hide Matching Documents

The documents where this entity occurs most often are shown below. Click on a document to open it.

Document Max. Freq Min. Freq
Rebellion Record: a Diary of American Events: Documents and Narratives, Volume 8. (ed. Frank Moore) 3 1 Browse Search
View all matching documents...

Browsing named entities in Rebellion Record: a Diary of American Events: Documents and Narratives, Volume 8. (ed. Frank Moore). You can also browse the collection for William H. Hope or search for William H. Hope in all documents.

Your search returned 2 results in 2 document sections:

ate, company K, wounded. Fourth Michigan Cavalry.--Sergeant David Donahoe, company D, private John Caul, company D, private George Rise, company C, private William Heistine, company B, wounded. Ninety-eighth Illinois Mounted Infantry.--Sergeant H. O. Wilkins, company D, Sergeant B. F. Blackford, company H, private J. H. Enson, company B, private J. B. Shaw, company D, private J. M. Walker, company H, private James Stackwell, company I, private Abram Barnes, company K, wounded; private William H. Hope, company E, private A. M. Anderson, company E, missing. Total.--Two killed, nineteen wounded two missing. I had no means of ascertaining the injury done the enemy; but it was reported that eight bodies were left on the field. I took twenty-three prisoners. Very respectfully, your obedient servant, Eli long, Col. Commanding Second Brigade, Second Division Cavalry. Brigadier-General Whipple, A. A. G., Department of the Cumberland. Inclosure. headquarters Second bri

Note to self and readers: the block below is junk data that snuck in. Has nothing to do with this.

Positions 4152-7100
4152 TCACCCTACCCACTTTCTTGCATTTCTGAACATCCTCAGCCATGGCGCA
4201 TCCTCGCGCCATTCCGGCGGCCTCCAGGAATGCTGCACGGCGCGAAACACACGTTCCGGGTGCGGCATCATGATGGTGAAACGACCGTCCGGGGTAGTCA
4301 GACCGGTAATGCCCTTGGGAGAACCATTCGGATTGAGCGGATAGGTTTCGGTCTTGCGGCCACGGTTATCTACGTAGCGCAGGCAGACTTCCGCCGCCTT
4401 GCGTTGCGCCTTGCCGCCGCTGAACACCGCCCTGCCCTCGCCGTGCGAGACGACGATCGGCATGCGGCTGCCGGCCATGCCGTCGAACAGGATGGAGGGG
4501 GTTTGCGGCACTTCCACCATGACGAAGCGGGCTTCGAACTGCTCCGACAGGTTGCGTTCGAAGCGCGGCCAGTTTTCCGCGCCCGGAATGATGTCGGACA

Doc. 69.-attack on Newbern, N. C. General Palmer's despatch. Newbern, N. C., February 1, 8 o'clock P. M. early this morning our outposts at Bachelor's Creek were attacked by the enemy, represented to be in force about fifteen thousand strong, consisting of Hope's brigade and Pickett's entire division. It being impracticable to make adequate defence, our force fell back in good order, after destroying their camps and abandoning but few stores, with a loss of fifty to one hundred men and one section of light artillery. Our forces are now so arranged that we are confident of a successful resistance. Almost simultaneously with this attack, the enemy advanced on the south side of the Trent River, with what force it is difficult to estimate, but they were handsomely repulsed. Communication continues with More-head City, but the enemy are near the railroad, with the evident intention of cutting it. The commander at Beaufort is aware of the situation, and will use every effor